Bravo! You’ve demonstrated that you’re a qualified candidate and have been invited to a second interview. The odds of being hired have increased but it’s by no means a slam dunk. Questions will be tougher and you’ll likely be expected to meet — and impress — a longer list of people.
“Feel good because they like you but be on your toes because they’re not 100% convinced,” says Maureen McCann, founder of ProMotion Career Solutions in Ottawa and a senior career consultant with Graham Management Group of Toronto.
“It’s your job to convince the employer you’re the right person for the job. The only way to do that is to identify what they’re looking for and demonstrate that you’ve got what it takes.”
Consider the following list of dos and don’ts:
Do find out in advance what the agenda will be and whom you can expect to interview with. If possible, get their names and titles, and find as much as you can about them using tools like Google and LinkedIn.
Find out how much time you need to dedicate to the interview and brush up on appropriate etiquette. If you’re going out for lunch or dinner, for example, be aware of the establishment’s dress code. Likewise if invited for a round of golf.
Don’t give in to the temptation to have an alcoholic drink. The only exception: if you’re being interviewed for an alcohol-related company, such as a winery. “If you do have a drink, limit yourself to just one,” McCann says.
Don’t neglect to review your performance in the first interview. “What went well and how can you improve? Get a coach for mock interviews. Preparing your answers to questions in advance will help you stand out,” McCann says.
“Talk to your references and let them know how they can help if they get a call before your second interview.”
Set goals. “Make a list of five things you’re going to talk about before you leave the interview,” McCann says.
Do understand what the employer is looking for in a candidate. Once you’ve built a rapport with interviewers, ask them what the ideal candidate looks like and how they’ll recognize necessary qualities or skills. “The more you know yourself and your stories of accomplishment, the better prepared you are,” McCann says.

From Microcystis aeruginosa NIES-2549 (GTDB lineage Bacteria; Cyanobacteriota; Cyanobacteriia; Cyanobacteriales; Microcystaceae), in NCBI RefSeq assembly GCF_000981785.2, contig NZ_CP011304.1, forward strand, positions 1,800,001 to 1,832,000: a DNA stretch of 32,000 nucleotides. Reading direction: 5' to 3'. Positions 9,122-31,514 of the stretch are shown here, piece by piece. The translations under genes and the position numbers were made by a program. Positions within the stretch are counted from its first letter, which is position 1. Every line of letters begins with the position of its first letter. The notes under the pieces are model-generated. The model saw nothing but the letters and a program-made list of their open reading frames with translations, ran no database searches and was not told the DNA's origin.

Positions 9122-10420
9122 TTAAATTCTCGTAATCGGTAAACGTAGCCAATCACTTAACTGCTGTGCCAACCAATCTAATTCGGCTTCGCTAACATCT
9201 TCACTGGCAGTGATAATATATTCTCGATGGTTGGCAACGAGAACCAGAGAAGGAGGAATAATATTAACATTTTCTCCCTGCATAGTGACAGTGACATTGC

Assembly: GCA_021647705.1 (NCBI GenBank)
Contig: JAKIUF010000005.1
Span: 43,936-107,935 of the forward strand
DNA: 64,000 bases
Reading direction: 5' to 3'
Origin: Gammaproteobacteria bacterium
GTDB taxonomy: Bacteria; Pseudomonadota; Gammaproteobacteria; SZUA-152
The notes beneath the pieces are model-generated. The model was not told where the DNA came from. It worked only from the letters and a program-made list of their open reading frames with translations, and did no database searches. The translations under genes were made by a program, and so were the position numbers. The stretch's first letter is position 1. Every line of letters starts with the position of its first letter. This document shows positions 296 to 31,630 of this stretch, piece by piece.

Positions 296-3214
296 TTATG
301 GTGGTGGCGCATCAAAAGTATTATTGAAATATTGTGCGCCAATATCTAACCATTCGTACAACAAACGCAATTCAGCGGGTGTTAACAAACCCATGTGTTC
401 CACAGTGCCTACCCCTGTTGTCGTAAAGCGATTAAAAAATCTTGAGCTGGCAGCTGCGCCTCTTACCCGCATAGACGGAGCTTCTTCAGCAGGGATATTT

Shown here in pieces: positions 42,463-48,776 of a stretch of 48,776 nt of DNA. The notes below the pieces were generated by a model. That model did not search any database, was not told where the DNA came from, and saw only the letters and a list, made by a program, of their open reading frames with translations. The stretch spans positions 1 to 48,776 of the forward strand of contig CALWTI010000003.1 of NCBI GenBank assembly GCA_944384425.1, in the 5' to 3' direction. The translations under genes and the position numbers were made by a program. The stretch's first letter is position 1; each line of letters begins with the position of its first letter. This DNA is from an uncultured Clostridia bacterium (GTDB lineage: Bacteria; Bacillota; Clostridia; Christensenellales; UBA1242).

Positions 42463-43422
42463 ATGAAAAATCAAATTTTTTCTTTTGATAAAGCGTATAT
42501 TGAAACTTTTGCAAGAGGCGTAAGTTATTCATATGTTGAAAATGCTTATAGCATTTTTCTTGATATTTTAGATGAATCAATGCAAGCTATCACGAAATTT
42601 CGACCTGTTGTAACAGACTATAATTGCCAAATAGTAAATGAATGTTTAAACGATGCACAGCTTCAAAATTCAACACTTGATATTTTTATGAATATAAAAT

Do your homework. Build upon the research you conducted for your first interview. Be up to date on developments in your field or industry by reviewing sources like trade publications and industry associations.
Don’t be caught off guard if asked about salary. Try to save that conversation until there’s a job offer on the table with a response like, ‘I’m sure you’re a very fair company and I’m willing to consider your very best offer when the time is right.’ But have a good idea about what you can expect to earn and suggest a salary range if pressured to reply, McCann advises.
Do reiterate your interest in the job and your belief that you’re the best candidate for the job when the interview comes to a close. Inquire about the next step and when you can expect a reply.
Don’t forget to send a thank-you card within 24 hours. A hand-written note will stand out every time because it demonstrates your willingness to make that extra effort. “Send the note to the person who brought you from the first to second interview,” McCann says. If you’d like, feel free to also send a note to others you met.
Did you hear the one about the ‘Cisco fatty’?
As part of your research on a company, you’re thinking about taking to social media to find out more about what it’s like as an employer. But career consultant Maureen McCann shares a cautionary tale about the “Fatty Cisco Job” candidate who ruined her chances of employment with a single post on Twitter — and become an overnight Internet sensation.
The potential applicant tweeted: “Cisco just offered me a job! Now I have to weigh the utility of a fatty paycheck against the daily commute to San Jose and hating the work.” An employee at Cisco saw the Tweet and replied: “Who is the hiring manager. I’m sure they would love to know that you will hate the work. We here at Cisco are versed in the web.”
Preparing for a behavioural interview
In a behavioural interview, an employer has determined what skills are needed in the person they hire and will ask questions to find out if a candidate has those skills. Here’s an example: “Tell me about a time when you had to juggle multiple priorities.”
Job seekers can prepare by putting together a handful of stories that demonstrate your competencies as it relates to the job, advises career consultant Maureen McCann. Use the SAR formula: Situation, Action, Result. Here’s an illustration: “This was the situation when I arrived on the scene, this is the action I took to correct or modify the scenario and this is the result of that action.”
“Knowing yourself and your abilities will give you confidence and practice will allow you to tailor the story to a variety of scenarios,” McCann says.